Yogurt cheese is essentially yogurt that has been strained so that most of the whey is removed leaving behind a creamy, thick yogurt. It is a simple cheese that is a delicious base for dips or turning into a spreadable cheese.
Types of Strained Yogurt
Strained yogurt is popular all over the world. It is found across Europe, Asia, and the Middle East.
However, the basic recipe always remains the same. Yogurt is strained through several layers of cheesecloth, removing some of the whey, there by thicken the yogurt.
Here is an overview of three types of strained yogurt and how to serve them.
Yogurt cheese is a thick, cream cheese-like spread that is lightly salted. However, it is much lower fat than cream cheese. I usually flavor yogurt cheese to cover for the lack of fat.
Here are a few suggestions:
- Flavor it with herbs and garlic for a spread for crackers and sandwiches.
- Make a cinnamon dip.
- Use strained yogurt to make a healthy cheesecake.
- Or make yogurt frosting.
Greek yogurt isn’t been strained quite as much as yogurt cheese. Many brands of store-bought Greek yogurts use thickeners, however, homemade Greek yogurt will be a bit more spreadable.
To make Greek yogurt, strain for 2 to 4 hours, and don’t add any salt.
Here are a few ways to enjoy Greek yogurt.
- It is perfect for dips like tzatziki or beet dip.
- I like adding a dollop into the middle of a blueberry muffin prior to baking.
- Serve with honey and walnuts for dessert.
Labneh is tangy Middle Eastern-style strained yogurt, that is often served with meze. It is often made with goat milk yogurt.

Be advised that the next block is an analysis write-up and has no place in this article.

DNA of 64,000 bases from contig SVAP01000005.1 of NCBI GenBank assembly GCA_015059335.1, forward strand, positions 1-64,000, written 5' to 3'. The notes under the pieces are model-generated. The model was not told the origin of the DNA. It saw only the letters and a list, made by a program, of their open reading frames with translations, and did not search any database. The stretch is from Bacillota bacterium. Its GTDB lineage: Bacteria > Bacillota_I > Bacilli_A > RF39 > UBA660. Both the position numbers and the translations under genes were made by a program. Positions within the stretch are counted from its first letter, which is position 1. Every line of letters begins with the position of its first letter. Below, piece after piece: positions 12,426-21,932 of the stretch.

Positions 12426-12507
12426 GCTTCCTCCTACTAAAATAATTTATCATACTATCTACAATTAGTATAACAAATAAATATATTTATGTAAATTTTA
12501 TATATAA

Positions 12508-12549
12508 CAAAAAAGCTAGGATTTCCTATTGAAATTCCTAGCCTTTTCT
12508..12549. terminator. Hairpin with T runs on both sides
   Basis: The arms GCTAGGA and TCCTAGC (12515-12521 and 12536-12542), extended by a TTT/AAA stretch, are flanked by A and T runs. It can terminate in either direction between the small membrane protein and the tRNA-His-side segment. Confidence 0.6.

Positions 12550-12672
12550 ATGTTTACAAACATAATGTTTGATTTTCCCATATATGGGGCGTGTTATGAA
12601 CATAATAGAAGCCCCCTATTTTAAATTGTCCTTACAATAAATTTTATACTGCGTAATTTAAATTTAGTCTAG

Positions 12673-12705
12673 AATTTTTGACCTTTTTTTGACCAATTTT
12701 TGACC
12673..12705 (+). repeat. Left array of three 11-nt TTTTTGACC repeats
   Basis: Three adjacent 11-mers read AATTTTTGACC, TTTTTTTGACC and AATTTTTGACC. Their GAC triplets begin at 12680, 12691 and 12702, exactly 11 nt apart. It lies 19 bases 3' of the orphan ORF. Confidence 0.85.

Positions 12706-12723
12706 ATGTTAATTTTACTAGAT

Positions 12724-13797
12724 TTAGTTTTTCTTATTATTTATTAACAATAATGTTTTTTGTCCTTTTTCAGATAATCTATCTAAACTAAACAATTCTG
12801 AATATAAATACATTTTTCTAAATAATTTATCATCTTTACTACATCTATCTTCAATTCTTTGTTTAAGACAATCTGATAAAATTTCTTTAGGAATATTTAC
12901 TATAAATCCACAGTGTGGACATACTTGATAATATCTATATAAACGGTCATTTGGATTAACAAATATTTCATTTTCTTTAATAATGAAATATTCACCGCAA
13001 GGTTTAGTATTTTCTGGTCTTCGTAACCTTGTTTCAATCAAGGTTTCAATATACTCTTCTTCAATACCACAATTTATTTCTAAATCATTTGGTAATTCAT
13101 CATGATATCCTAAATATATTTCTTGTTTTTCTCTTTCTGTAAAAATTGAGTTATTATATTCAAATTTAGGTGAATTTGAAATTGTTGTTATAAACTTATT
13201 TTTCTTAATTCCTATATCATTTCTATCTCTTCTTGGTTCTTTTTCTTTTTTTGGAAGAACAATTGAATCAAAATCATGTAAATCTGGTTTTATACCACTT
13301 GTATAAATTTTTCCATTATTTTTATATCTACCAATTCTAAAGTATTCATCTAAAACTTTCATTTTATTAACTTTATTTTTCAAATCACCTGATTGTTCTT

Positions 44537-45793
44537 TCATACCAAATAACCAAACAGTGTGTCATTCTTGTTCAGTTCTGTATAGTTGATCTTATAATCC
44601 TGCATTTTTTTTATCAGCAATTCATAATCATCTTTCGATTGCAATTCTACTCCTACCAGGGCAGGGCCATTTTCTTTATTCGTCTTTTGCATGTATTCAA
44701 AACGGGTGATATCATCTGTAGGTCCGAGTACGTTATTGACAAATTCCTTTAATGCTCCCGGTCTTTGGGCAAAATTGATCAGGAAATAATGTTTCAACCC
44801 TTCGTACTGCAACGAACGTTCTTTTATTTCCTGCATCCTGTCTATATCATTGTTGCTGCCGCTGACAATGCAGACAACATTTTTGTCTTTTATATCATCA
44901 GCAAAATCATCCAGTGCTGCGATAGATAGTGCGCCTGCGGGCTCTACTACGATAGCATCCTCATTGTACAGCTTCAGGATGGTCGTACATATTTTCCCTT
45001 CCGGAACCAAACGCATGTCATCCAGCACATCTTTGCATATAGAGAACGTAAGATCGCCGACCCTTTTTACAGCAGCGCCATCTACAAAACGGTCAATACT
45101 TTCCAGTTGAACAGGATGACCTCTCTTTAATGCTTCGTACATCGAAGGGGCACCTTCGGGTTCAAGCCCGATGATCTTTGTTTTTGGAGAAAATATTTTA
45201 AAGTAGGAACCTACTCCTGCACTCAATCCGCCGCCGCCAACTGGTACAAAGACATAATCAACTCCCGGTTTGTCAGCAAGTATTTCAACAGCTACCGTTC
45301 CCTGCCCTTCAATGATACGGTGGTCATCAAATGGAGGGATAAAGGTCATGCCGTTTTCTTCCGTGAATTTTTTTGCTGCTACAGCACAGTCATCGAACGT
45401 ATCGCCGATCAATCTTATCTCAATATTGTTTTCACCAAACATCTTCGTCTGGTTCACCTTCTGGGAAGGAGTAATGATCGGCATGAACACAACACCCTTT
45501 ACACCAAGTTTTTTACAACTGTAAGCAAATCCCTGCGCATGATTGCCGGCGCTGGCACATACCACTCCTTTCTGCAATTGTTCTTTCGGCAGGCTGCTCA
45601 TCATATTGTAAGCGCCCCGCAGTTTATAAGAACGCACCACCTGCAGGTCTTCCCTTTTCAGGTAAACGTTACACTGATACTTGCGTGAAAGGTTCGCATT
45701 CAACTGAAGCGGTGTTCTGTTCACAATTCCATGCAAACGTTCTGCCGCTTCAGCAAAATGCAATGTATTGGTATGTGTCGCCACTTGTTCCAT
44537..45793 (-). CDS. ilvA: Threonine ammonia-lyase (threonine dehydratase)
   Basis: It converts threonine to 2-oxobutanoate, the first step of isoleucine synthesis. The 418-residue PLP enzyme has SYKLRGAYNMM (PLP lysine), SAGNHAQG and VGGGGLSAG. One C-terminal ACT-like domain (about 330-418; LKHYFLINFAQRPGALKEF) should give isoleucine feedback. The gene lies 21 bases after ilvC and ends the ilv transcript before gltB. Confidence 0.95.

To make labneh, strain for 6 to 8 hours, and don’t add any salt.
Simple Yogurt Cheese
Strained yogurt is also known as Greek yogurt or labneh. It is thicker and creamier than regular yogurt. Perfect for making dips or spreading on crackers. See the section above for how to customize this yogurt cheese recipe for Greek yogurt or labneh.
- Prep Time: 5 minutes
- Total Time: 5 minutes
- Yield: 1 cup 1x
- Category: Cheese
- Cuisine: Middle Eastern
- Diet: Vegetarian
- 2 cups of yogurt
- 1/4 tsp salt
- Line a strainer with two layers of fine cheesecloth. Pour in the yogurt and leave it to drain for 24 hours. If your house is warmer than 70F (21 C), then put the yogurt into the fridge while it drains.
- The whey is probiotic and healthy, so don’t pour it down the drain! See the notes for some ideas on how to use the whey.
- Scrape the strained yogurt into a container for storage. Stir in the salt.
- Store in an air-tight container in the fridge and use within two weeks. See the sections above for different serving options.
- I recommend using homemade yogurt for the best flavor and consistency. Store-bought yogurt often contains thickeners, which won’t finish as nicely.
- The whey can be added to smoothies, used for baking, or as a culture for other ferments. Here are my favorite ways to use up whey.
- Cheap grocery store cheesecloth has a much looser weave than cheesemaking cheesecloth. If you plan on making lots of yogurt cheese, it’s worth buying a package of quality cheesecloth.
- Serving Size: 1/4 cup
- Calories: 24
- Sugar: 2.4g
- Sodium: 120mg
- Fat: 0.4g
- Saturated Fat: 0.3g
- Carbohydrates: 2.4g
- Fiber: 0g
- Protein: 1.9g
- Cholesterol: 2mg